Marx quote on religion- "Religious suffering is, at one and the same time, the expression of real suffering and a protest against real suffering. Religion is the sigh of the oppressed creature, the heart of a heartless world, and the soul of soulless conditions. It is the opium of the people. The abolition of religion as the illusory happiness of the people is the demand for their real happiness. To call on them to give up their illusions about their condition is to call on them to give up a condition that requires illusions."
I'd like to point out that religion as an opiate was stated before Marx. It's true point is that it helps the masses deal with the crazy misery society and situations place them. Look at the Hatians. They are wildly religious. They need somthing to help them cope with their shit lives before the quake- their shit lives after the quake and their eternally shit for a government that is so untrustworthy that nations fear releasing aid least it go into corrupt pockets and not to the people.
Marqui de Sade - "You fear the powerful eye of genius, that is why you encourage ignorance. This opium you feed your people, so that, drugged, they do not feel their hurts, inflicted by you"
I'd also like to say that Marx had some interesting things to say but his solutions were pure poison. When you discount human cruelty and even the creeping greed and willfullness of otherwise good people your premis fails. People need checks and balances.
I'd be happy if we got off the religious freedom kick just enough to protect teen brides of poligamist- boys tossed out of poligamist communities so the old men can wed the female children- take down abusive institutions that pull switch and bait- prosecute abuse of power by the clergy. We just let the Catholic Church $#!+ all over the rights of children with just a paltry fine!
JP- Most tv is an opiate. Too bad it isn't better.
Many of the original 13 states had officially supported religions. Massachusetts started as a Puritan colony, and Puritanism morphed into Congregationalism, which spread through much of New England. Virginia was Anglican, Pennsylvania and Rhode Island more open to a variety of faiths. In 1730, the great Puritan minister, Jonathan Edwards, kicked off the first Great Awakening. The writers of the Constitution were secularists who realized that the only way to protect religious freedom was to keep the government out of religion. Most were believers of one Christian faith or another, some devout, some rather casual. Jefferson was a Unitarian, often attacked as being an atheist. Franklin was pretty slippery, describing himself as a Deist in his youth but later believing that God had helped the Americans win their revolution. Washington went to the Episcopal (Anglican) church, but always left before communion, and would not allow any clergymen at his bedside when he died. I don't know about the others much, but even then there were "ranters" (fire-and-brimstone preachers) insisting on an official religion. They lost. The Christian argument today that the founders intended a Christian nation and that Americans wanted it doesn't hold water. If the founders had been Christians and most of the citizens Christians and all of them wanted a Christian nation, they would have had little trouble creating just that. The founders, who were for the most part educated landed gentry, knew the historical dangers posed by an official state church and so refused to create one.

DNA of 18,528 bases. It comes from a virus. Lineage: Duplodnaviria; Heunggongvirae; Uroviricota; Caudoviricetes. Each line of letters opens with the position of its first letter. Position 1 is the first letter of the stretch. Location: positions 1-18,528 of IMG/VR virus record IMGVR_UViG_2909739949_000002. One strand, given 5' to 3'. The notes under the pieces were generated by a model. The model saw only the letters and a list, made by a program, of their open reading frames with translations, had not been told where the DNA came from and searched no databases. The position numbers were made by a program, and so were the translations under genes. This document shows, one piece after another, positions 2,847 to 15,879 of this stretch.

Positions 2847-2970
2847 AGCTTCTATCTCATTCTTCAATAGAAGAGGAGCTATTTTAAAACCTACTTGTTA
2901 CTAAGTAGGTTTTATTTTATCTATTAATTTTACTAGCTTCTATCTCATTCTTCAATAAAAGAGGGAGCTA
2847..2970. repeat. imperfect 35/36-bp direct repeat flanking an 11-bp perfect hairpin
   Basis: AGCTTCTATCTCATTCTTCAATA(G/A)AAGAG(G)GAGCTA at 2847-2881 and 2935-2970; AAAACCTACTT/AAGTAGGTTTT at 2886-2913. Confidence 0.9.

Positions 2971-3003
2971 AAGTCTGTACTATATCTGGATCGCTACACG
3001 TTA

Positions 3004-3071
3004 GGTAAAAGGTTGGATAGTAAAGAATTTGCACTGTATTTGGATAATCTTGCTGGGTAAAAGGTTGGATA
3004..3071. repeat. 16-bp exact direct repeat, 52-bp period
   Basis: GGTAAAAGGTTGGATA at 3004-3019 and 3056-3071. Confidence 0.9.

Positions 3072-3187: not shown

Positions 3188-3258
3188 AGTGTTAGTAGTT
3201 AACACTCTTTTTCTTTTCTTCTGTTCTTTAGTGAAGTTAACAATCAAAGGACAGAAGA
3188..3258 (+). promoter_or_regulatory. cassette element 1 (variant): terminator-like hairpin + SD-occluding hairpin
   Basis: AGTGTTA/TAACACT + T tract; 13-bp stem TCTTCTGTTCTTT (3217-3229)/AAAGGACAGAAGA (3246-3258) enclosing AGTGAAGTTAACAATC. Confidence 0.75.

In a sense, their plan backfired. Freedom of religion created space for crackpots and charlatans. So many charismatic preachers had picked through upstate New York that by the time Joseph Smith invented Mormonism around 1835, the area was known as the "burned over" ground. More and more groups sprang up, promising salvation and prosperity, and predicting the end of the world. Christianity has always been the enemy of intellectualism. Martin Luther, who came up with the idea of predestination and divine grace while seated on his toilet, said that reason was the "greatest enemy" of faith.